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Combating payment fraud in the era of contactless everything

Combating payment fraud in the era of contactless everything 40

Combating payment fraud in the era of contactless everything 41

 

By Andy Renshaw, SVP product management at Feedzai

The pandemic without a doubt sped up the adoption of contactless payments, but the popularity was on the up even before many shops made it a requirement. The quick implementation, however, has left vulnerabilities within the security infrastructure designed to protect it. While contactless payments – where personal payment information is stored on cards or on devices – are convenient, quick, and clean, it is also new, and newly adopted on a wide scale. And new tech always has its weaknesses.

In the early stages of a new piece of technology, there will always be threat actors jumping on the opportunity to steal and to profit from the initial gaps (or, in some cases, gaping holes) in its security. Utilising RFID (Radio-Frequency Identification) technology that has become commonplace in our culture since the onset of the Covid-19 pandemic and the shift toward digitalisation, fraudsters can easily take advantage of everyday consumers and their contactless, yet critical, information. 

According to Feedzai’s Financial Crime report from 2019 to 2021, there was a 65% increase in the number of online transactions, and a 75% decrease in the number of cash withdrawals in the US. During the same period, there was a 233% increase in fraud attack rate and a 794% increase in fraud for digital entertainment transactions. What a difference!

Like in many sectors affected by cybercrime, the threat actors are seemingly one (or in this case, many) steps ahead of the rest of us. With only a basic understanding of code and a willingness to venture into the dark side of the internet, a fraudster has ample opportunity to attack banking customers on a large scale. And because of the instantaneous nature of real-time digital payments, customers may not be aware of suspicious transactions until it is much too late. The fraudsters are just that quick, and banks can struggle to keep up

What can banks do, then, to protect their customers against these fraudsters? Traditional fraud detection is all well and good, but it is just not enough anymore to keep up with the swift attacks that are now easily occurring through transactions of the contactless variety. Besides, despite the quick adoption of this technology, customers are still approaching this wave of digitalisation in the marketplace in a range of ways.

For example, some customers are uncomfortable with contactless methods of payment, and so provide their own protection by either refraining from using it, or by setting low contactless limits for themselves, meaning that fraudsters are limited in the amount they can steal. Other customers value efficiency and therefore have higher limits and use contactless payments more casually. This second group is the one banks might need to focus more of their fraud protection efforts on.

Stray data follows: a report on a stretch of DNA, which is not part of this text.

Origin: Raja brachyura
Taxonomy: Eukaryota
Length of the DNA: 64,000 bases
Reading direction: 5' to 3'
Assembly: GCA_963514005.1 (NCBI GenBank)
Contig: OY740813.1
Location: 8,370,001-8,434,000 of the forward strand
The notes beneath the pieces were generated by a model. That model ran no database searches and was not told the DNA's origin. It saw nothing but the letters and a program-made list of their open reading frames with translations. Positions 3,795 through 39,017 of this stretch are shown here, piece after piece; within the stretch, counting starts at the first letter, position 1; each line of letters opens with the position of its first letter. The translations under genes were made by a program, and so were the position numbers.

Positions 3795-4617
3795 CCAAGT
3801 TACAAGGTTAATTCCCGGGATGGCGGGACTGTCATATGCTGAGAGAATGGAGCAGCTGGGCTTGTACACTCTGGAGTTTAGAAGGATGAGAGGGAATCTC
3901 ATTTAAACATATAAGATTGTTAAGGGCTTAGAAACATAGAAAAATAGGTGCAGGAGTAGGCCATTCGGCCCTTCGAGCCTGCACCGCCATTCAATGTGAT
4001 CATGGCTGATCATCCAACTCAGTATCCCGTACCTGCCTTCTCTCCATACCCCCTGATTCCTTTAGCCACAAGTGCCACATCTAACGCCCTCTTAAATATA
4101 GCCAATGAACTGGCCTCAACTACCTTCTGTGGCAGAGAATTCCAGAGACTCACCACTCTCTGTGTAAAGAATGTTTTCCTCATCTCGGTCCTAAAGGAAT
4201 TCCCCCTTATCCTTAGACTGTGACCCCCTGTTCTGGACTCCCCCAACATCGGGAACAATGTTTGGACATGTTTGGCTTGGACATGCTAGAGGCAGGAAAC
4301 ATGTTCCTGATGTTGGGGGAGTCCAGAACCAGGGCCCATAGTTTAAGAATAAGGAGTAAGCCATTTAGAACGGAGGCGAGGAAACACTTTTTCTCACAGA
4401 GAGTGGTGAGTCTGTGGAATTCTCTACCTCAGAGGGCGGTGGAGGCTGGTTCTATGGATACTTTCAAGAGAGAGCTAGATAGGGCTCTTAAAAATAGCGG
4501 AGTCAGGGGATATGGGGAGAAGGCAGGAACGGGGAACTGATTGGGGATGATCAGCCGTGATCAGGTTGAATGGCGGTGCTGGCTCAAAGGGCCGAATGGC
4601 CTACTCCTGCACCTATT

Limiting contactless payment fraud

Two-factor authentication (2FA) is one method banks can use to limit fraud and it has been shown by Google Security research to be quite effective at stopping 100% of automated bot account takeover attacks, but there is still a concern that 2FA implemented into contactless payment processes might also negatively affect the customer experience. If each time a customer goes to use a contactless payment, he/she must also validate the purchase, this may then negate the whole purpose of using contactless payment as an efficiency in the first place. While two-factor authentication will appeal to more conservative and cautious users of contactless pay, it will conversely repel those who want a quick and easy transaction. Of course, it is possible for 2FA and payment both to be consolidated onto a single device, but a layer of friction for the user is still added. And friction for that second group of customers is unwanted.

The line between security and efficiency is one that banks must toe carefully. If some customers prefer one thing, and others another, how do banks decide where to divert their efforts, as well as their funds? One suggestion here is that customers can and should create their own limits and set their own safe-guarding preferences. This makes it more complicated for banks, to be sure, but with the implementation of machine learning software, it would be beneficial overall for everyone involved. 

Both flexible and protective, machine learning fraud prevention and detection can concentrate on those customers who are at higher risk for fraud while still maintaining preventative monitoring for those who are less so. Instead of the traditional fraud-detection model that exists in a 3-to-6-month cycle behind malicious activity, a machine learning fraud-prevention model can leverage safeguards immediately and react instantly to protect its customers, and this is all based on individually preferred limits and validators for customers. It would save money, too, removing the need for manual-heavy detection efforts which take up nearly 25% of the total cost of fraud prevention expenses.

Contactless payment is, on the whole, more beneficial than it is harmful, bringing efficiency, ease, and even protection against germs to the hectic lives of the consuming populace, but still threat actors persist. Using a tech-driven and customer-centric approach to improve back-end fraud detection as well as prevention, banks can ensure a safe and streamlined payment approach in the modern era of contactless everything.

 

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